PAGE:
Borderlands (Zev Berman, 2007): 6.5/10

The Magic Flute (Ingmar Bergman, 1975): 7/10

La Guerre Est Finie (Alain Resnais, 1966): 7/10

Speed Racer (The Wachowski Brothers, 2008): 8/10

My Photo
Location: milwaukee, wi

Sunday, November 25, 2007

A Brigitte Bardot double feature

It's really too bad that Brigitte Bardot became a far-right homophobe and Islamophobe, because this Michel Boisrond double-feature starring the bombshell really makes it obvious why she was so popular.

Naughty Girl, from 1956, features Bardot as the foul-mouthed, smart-ass daughter of a nightclub owner who, when he is investigated for fraud, leaves his daughter with the most popular singer at his club so he can disappear for a while. The hijinks and romantic plot you expect follow, but there's a huge difference here between this film and today's pathetic crop of romantic comedies: this movie is witty and has heart, and, most of all, has Bardot at her most charming. You can't help but smile when she swears while trying to clean the pool grate, or engages in back-and-forth with the singer's stuffy butler. She's the best of both worlds, both classy and elegant when she needs to be, and goofy and down-to-earth. Not to mention how stunningly gorgeous she is.

IMDB lists Naughty Girl's tagline as: "Come in at the Middle, Beginning, or Even Tell the Ending...Anytime is BARDOT TIME!" The film company used the Bardot factor to the max, not even minding if people came at the end of the movie just to see the star. But this is selling this cute movie short; the scene where Bardot dances in a jail cell and takes home a wise-cracking parrot is enough to warrant a rental of this gem.

Come Dance With Me came three years later in 1959, and shows Bardot as the sex kitten woman we know her as. Instead of playing primarily a daughter, she's Virginie (what a name!) the young wife of a dentist who soon becomes under suspicion for a murder he didn't commit. The couple escapres from the police, and Virginie goes undercover at the dead woman's dance studio to try to find who the killer is. Of course, Virginie's charm and considerable assets (prominently displayed throughout the film) get her closer to the real killer than the police.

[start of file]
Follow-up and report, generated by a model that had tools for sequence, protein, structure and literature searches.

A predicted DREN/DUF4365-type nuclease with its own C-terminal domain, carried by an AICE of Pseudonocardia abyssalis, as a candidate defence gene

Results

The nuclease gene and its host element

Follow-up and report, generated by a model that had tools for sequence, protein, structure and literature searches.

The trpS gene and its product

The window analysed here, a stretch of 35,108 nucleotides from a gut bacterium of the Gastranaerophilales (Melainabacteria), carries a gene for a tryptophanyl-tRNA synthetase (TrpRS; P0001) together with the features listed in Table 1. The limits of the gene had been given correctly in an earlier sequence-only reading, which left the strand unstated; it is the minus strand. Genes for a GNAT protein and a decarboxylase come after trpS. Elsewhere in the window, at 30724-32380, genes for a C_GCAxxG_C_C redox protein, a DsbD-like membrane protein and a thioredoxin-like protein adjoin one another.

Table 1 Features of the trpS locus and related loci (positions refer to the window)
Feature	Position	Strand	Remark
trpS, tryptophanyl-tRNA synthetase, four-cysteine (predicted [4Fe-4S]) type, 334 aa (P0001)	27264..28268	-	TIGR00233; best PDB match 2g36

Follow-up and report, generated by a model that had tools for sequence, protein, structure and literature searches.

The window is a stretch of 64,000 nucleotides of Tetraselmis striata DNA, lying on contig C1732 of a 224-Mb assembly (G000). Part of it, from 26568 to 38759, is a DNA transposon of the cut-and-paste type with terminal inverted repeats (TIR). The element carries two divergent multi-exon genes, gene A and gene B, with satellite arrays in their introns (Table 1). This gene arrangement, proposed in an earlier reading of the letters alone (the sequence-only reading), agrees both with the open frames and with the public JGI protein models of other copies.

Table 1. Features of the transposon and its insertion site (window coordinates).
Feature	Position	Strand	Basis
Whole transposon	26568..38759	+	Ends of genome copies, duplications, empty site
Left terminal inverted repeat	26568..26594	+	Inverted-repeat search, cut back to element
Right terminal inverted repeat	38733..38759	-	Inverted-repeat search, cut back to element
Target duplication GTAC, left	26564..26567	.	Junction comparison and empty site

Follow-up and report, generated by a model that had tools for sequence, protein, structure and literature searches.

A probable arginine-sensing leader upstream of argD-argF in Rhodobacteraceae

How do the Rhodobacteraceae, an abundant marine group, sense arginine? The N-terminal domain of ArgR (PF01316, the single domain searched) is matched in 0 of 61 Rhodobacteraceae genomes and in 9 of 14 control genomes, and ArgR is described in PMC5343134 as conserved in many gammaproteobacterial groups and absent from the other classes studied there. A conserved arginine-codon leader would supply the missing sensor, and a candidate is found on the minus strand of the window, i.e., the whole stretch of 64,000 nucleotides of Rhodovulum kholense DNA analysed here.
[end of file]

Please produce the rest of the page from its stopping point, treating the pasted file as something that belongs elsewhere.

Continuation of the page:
Bardot is again magnetic in the film: the two things that stuck out to me are her hair - those blonde locks are everywhere, so thick and curly, I have total hair envy - and her wardrobe, all high-waisted full skirts and beautiful dresses. The end of the 50s was a great fashion period. But enough about that; Come Dance With Me also has brief nudity and a gay/transvestite subplot, something Hollywood films of that period wouldn't have come close to touching. And although you can see pretty much where the film is going long before it gets there, this is another charming little film, the kind of enjoyable fluff that Hollywood doesn't make anymore.

Both these films are available on one disc courtesy of Lionsgate's Brigitte Bardot Collection - I'm looking forward to getting the other disc (with Two Weeks in September and Love on a Pillow) in the near future.

Both films: 7/10

Labels: , , ,

StumbleUpon Toolbar Stumble It!

Comments on "A Brigitte Bardot double feature"


post a comment